The history of Blaccent | Boing Boing

The concept of “Blaccent” or African American Vernacular English will always elude me. I don’t mean that on a conceptual level, but rather a practical one since I “talk white.” My voice has been a source of great pain throughout my life since the simple act of speaking earns me the ire, even if unintentionally, of a large swath of Black Americans. Whenever I meet other Black people, projections about my past, connection to my culture, and self-love are hurled before me as conversational obstacles outside of the already daunting process of forging a human connection. It kind of sucks, if I’m being honest. 

There was a period when I thought about yielding. I was sick of wading through preconceived notions about who I was and why my existence was valid. I just wanted it to stop. For about a week, I dabbled in Blaccent to a surprisingly positive reception. Even though I found the social acceptance I’d been craving, I felt worse than before. I felt like a prisoner behind my skin instead of feeling like a captive to cultural expectations of how I should carry myself. It kind of sucked, if I’m being honest.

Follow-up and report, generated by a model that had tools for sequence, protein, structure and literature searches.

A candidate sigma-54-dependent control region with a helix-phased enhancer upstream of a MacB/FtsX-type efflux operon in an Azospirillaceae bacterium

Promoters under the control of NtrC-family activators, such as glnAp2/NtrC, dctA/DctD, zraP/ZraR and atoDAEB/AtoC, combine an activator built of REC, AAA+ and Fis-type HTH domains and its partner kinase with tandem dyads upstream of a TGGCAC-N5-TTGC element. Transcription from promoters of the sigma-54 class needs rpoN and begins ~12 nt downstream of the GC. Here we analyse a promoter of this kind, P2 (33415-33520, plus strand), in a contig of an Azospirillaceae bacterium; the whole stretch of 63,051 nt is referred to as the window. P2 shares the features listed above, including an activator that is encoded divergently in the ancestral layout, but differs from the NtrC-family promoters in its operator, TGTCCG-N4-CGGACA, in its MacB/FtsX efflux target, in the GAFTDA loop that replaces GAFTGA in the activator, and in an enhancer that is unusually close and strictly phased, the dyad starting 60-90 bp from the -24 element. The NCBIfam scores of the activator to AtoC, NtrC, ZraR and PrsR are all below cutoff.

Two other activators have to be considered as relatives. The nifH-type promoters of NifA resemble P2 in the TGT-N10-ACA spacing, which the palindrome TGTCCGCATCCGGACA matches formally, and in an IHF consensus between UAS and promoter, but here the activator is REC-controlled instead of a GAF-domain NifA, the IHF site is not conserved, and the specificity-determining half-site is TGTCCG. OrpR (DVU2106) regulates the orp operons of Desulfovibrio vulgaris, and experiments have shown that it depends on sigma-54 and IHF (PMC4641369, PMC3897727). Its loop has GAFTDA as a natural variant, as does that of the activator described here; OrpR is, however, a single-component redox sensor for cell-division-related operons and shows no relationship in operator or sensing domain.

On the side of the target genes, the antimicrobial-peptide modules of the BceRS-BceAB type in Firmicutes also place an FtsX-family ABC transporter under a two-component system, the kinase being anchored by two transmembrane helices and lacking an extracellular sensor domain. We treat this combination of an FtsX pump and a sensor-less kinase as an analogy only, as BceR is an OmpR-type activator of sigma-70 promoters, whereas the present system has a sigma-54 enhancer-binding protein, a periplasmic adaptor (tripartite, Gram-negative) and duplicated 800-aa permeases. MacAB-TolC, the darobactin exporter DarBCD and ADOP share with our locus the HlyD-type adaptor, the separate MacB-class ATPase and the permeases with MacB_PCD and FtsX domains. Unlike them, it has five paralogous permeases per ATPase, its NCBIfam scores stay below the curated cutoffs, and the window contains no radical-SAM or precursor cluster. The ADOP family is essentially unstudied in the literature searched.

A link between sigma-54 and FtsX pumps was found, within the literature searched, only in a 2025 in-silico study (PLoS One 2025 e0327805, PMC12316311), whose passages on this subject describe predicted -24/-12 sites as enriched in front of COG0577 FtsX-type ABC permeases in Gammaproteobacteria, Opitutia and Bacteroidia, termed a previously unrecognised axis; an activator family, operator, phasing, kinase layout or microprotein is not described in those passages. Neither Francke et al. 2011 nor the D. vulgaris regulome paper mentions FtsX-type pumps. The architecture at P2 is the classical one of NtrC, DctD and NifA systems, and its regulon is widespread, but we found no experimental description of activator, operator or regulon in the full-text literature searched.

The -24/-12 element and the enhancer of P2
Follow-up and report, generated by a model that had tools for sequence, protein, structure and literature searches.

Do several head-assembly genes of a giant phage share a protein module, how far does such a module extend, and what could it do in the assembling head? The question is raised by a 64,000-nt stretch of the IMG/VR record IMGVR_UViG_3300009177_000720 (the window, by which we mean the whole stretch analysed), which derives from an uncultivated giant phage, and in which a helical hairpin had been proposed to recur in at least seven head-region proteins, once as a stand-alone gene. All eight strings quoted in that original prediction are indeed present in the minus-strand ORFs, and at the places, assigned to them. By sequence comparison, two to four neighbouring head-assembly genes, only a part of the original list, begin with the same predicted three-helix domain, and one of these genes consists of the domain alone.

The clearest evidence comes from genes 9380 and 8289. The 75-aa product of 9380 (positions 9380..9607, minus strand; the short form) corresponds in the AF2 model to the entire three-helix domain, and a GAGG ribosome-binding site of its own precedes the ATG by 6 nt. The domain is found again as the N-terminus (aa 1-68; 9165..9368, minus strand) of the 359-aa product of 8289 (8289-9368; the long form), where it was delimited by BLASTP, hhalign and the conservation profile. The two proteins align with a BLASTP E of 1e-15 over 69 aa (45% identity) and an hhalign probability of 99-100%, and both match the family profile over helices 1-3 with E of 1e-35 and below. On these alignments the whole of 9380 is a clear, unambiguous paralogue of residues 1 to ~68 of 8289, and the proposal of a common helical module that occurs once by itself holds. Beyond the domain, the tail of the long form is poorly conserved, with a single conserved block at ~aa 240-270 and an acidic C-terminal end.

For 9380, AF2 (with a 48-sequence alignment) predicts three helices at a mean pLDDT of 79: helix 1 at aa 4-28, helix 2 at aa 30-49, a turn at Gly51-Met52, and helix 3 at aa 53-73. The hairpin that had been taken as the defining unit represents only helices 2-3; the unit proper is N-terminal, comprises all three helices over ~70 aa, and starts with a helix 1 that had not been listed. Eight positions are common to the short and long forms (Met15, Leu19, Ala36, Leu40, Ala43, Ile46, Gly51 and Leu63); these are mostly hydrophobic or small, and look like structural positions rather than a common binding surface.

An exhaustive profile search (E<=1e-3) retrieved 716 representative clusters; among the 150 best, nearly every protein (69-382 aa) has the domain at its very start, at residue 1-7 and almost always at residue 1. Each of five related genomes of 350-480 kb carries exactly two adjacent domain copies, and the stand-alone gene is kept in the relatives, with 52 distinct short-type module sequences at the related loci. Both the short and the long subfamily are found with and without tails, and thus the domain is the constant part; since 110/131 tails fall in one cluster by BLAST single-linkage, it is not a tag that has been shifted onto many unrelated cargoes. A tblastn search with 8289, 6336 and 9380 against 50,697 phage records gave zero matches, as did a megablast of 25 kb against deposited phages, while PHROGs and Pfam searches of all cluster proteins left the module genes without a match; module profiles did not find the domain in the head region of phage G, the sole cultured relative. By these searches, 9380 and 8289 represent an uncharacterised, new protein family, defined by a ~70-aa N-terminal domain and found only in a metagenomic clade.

I’ll skip the boring bits about self-exploration and my brief and liberating dalliances with LSD to steer this bad boy back to the topic. I have no experience with Blaccent that isn’t from an outsider’s perspective. Ergo, I find the topic as intriguing as everyone that isn’t Black watching the discussion from the sidelines. I may have skin in the game in the literal sense, but not in the metaphorical equivalent.

My personal dealings with AAVE only make its continued usage by other races even more confusing. I’m viewed as a heretic if I abstain from using AAVE because it doesn’t feel congruent with my lexicon and sensibilities. However, other races that have an affinity for the style of speech, whether ironic or genuine, are barred from its usage. Obviously, the history of white performers using “Blaccent” for mockery and personal gain is a massive factor in Black America’s revile of appropriation, but, again, I can only speak about it academically instead of personally. 

Hopefully, the video linked above can elucidate the concept and why Black Americans guard their unique brand of speech against a constant barrage of interlopers and invaders. 

Now, if you fine folks will excuse me, this Tom Jones song won’t dance to itself. 

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